Memorial Cross with strong bracket fitted in 1997
The Sorensen Hut was much too small for the team sizes planned for future expeditions so one of the important tasks of the initial conservation expedition was to double its size and this was completed by the time the group was picked up. With extraordinary teamwork, the group also carried the Apple hut installed by Project Blizzard in 1986 to the Sorensen Hut site and re-installed it on a purpose built platform.
Base Camp – Sorensen Hut and re-located Apple hut at the completion of the 1997-8 expedition
Completion of the over cladding of the main hut in 2006 prevented the ingress of snow and ice from entering the huts and made possible removal of large quantities of snow and ice that had accumulated over the years. Numerous artefacts were discovered and carefully excavated. Recording the humidity and temperature inside the huts ensured any changes that may have been detrimental to the huts were monitored.
Over cladding the main roof in progress showing the membrane and finished section with the original cladding in tact.
The flagpole at the apex of the main hut was removed during the over cladding since it had been eroded to a very fine and vulnerable thickness by incessant wind driven ice particles; a replica was installed. Permission was granted by the AAD to repatriate the flagpole to ensure its proper conservation and ensure it would not deteriorate further. Once conserved, a decision will be made by the AAD as whether it will be returned to the Historic Site and exhibited there or exhibited in Australia.
Flag pole in situ, severely eroded by wind driven snow and ice.
Packed for return to Australia for conservation treatment – note the size of the base of the pole on the left in the picture which was inside the apex of the hut and protected from the weather, compared to the top which was exposed.
In 2007 the Foundation expedition constructed a conservation laboratory alongside the modern facility, Sorensen Hut, base for conservation teams. Treatment of artefacts on site has occurred since and the expansion of the Sorensen also allowed for improved accommodation for up to six expeditioners.
Finished lab and dorm attached to Sorensen Hut
Completed conservation lab.
Michelle Berry and Megan Absolon at work conserving artefacts in the new lab.
Continuing excavation has been followed by re-instatement of shelving allowing replacement of treated artefacts to their former positions.
Work has also been conducted on the outlying scientific huts at the Historic Site to ensure their conservation although the Absolute Magnetic Hut is described as a ‘standing ruin’ and it is accepted that very little can be done to conserve it for the longer term. The Transit Hut is in an advanced state of deterioration but has received specialist treatment in the interests of longer-term conservation.
Absolute Magnetic Hut – a standing ruin
Magnetograph House – well protected by rocks and in very good condition
Full details of all work carried out by the Foundation including photographs before and after have been lodged with the AAD following each expedition and are available via the AAD’s website at http://data.aad.gov.au/aadc/artefacts/display_artefact.cfm?artefact_id=2158.
In some cases, this includes the expedition reports available online.
Mawson’s Huts Foundation Expeditions
1996-97 Built heritage architect Geoff Ashley and architect/artist Alasdair McGregor visited the Historic Site for 24 hours on the tourist vessel Akademik Shokalskiy with Heritage Expeditions returning with an assessment of the condition of the huts and recommendations about their conservation (see pics above).
1997-98 The Foundation chartered the Akademik Shokalskiy and Heritage Expeditions to deliver the thirteen member conservation team to the site to make vital internal structural repairs, over-clad the workshop roof and record artefacts at the site. A film crew of two made a documentary of the expedition called ‘The Home of the Blizzard’ and Alasdair McGregor produced several paintings to raise funds for future work.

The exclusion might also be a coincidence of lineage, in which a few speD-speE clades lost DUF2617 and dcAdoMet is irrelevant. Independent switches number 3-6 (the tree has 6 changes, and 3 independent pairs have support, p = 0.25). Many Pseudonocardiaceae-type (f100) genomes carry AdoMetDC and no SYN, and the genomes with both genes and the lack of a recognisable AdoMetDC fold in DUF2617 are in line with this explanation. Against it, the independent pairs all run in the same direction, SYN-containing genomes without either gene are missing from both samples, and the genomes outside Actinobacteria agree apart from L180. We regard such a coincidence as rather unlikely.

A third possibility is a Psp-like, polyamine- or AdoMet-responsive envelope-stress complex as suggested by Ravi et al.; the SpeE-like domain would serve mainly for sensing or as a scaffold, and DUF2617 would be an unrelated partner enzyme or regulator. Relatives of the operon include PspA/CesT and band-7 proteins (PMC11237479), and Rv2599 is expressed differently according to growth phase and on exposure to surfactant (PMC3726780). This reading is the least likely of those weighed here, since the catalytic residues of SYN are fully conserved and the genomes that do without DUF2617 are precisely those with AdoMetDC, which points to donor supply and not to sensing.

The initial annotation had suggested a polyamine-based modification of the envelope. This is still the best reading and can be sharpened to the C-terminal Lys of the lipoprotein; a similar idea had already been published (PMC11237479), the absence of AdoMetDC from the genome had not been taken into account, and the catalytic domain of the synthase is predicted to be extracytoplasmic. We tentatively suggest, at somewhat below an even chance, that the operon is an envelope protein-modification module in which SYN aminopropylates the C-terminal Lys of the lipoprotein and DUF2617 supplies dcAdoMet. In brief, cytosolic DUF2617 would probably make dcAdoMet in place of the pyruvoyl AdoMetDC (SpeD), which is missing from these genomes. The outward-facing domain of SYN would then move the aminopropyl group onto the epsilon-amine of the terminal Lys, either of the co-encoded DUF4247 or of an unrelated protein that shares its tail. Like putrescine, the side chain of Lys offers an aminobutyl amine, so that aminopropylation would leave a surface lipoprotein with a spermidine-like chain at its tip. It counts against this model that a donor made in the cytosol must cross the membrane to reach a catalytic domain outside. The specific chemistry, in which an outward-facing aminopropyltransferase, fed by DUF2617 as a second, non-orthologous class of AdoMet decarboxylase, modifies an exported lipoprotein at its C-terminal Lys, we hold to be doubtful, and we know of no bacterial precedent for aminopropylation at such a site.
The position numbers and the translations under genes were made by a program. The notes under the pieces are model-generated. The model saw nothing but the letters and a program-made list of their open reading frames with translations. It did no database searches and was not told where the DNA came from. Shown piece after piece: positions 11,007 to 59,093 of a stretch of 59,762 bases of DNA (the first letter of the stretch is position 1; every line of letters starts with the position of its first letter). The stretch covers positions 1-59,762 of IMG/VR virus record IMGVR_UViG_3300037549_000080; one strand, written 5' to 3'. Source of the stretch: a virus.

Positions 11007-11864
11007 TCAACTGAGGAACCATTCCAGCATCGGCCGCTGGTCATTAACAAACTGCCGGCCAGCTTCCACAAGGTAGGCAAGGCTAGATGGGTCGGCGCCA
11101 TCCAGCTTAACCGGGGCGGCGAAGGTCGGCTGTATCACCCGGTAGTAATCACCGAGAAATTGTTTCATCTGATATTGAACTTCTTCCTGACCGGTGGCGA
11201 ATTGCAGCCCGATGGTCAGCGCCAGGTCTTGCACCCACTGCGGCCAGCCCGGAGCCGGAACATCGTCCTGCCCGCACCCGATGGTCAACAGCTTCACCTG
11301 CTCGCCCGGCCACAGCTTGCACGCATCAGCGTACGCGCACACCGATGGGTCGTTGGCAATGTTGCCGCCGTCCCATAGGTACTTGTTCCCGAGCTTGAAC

Alan Grant – Field Leader
Geoff Ashley – Conservation Team Leader
Dr Estelle Lazer – Archaeologist
Ted Bugg - Carpenter
David Gillott – Carpenter
Paul Delaney – Carpenter
Alasdair McGregor – Artist/photographer
David Killick – Journalist/Photographer/Communications
Joan Russell - Cook/Base camp manager
Dr Rod Givney - Medical Officer
Alan Rooke - Radio/Satellite Communications
Malcolm Ludgate - Film crew
Mike Piper - Film crew
L to R: on roof David Gillott, Paul Delaney and Ted Bugg. On snow, back row: Mike Piper, Joan Russell, Rod Givney, Alan Rooke, David Killick and Alan Grant. Front row: Malcolm Ludgate, Alasdair McGregor, Estelle Lazer and Geoff Ashley.
2000-01 An eight-person conservation team funded by the Foundation and supported by the Antarctic Division sailed on the Sir Hubert Wilkins and continued the repairs to the huts and the artefacts recording and cleared the site of rubbish left by previous visits since Mawson was last at the site in 1931. Environmental monitoring equipment installed inside the huts during a visit by the McIntyre’s yacht in 1998 was serviced and data retrieved.
Rob Easther - Field Leader
Dr Ian Godfrey - Material’s conservator
Dr Estelle Lazer - Archaeologist
Julia Searle - Heritage Officer
Ted Bugg - Carpenter
David Killick - Cook, journalist, photographer, communications
Alasdair McGregor - Artist/Photographer
Dr David Little - Medical Officer
Left to right – back row: David Little, Rob Easther, David Killick, Ian Godfrey and Alasdair McGregor. Front row: Ted Bugg, Julia Searle and Estelle Lazer
2001-02 A joint Foundation and Antarctic Division team supported by the French Antarctic Program and delivered by their re-supply vessel L’Astrolabe carried out further internal structural repairs, cleared the workshop section of ice and snow, mapped artefacts and upgraded the huts’ environmental monitoring equipment so it is now monitored by satellite. With a built heritage architect a member of the team, an assessment of the hut foundations prior to planning future work was conducted.
Diana Paterson - Field Leader
Adrian Welke - Heritage Architect
Dr Estelle Lazer - Archaeologist
Linda Clarke - Materials conservator
Mike Staples - Carpenter/ Environmental monitoring technician
Martin Passingham - Carpenter
David Killick - Cook/Journalist/Communications
Dr Geoff Couser - Medical Officer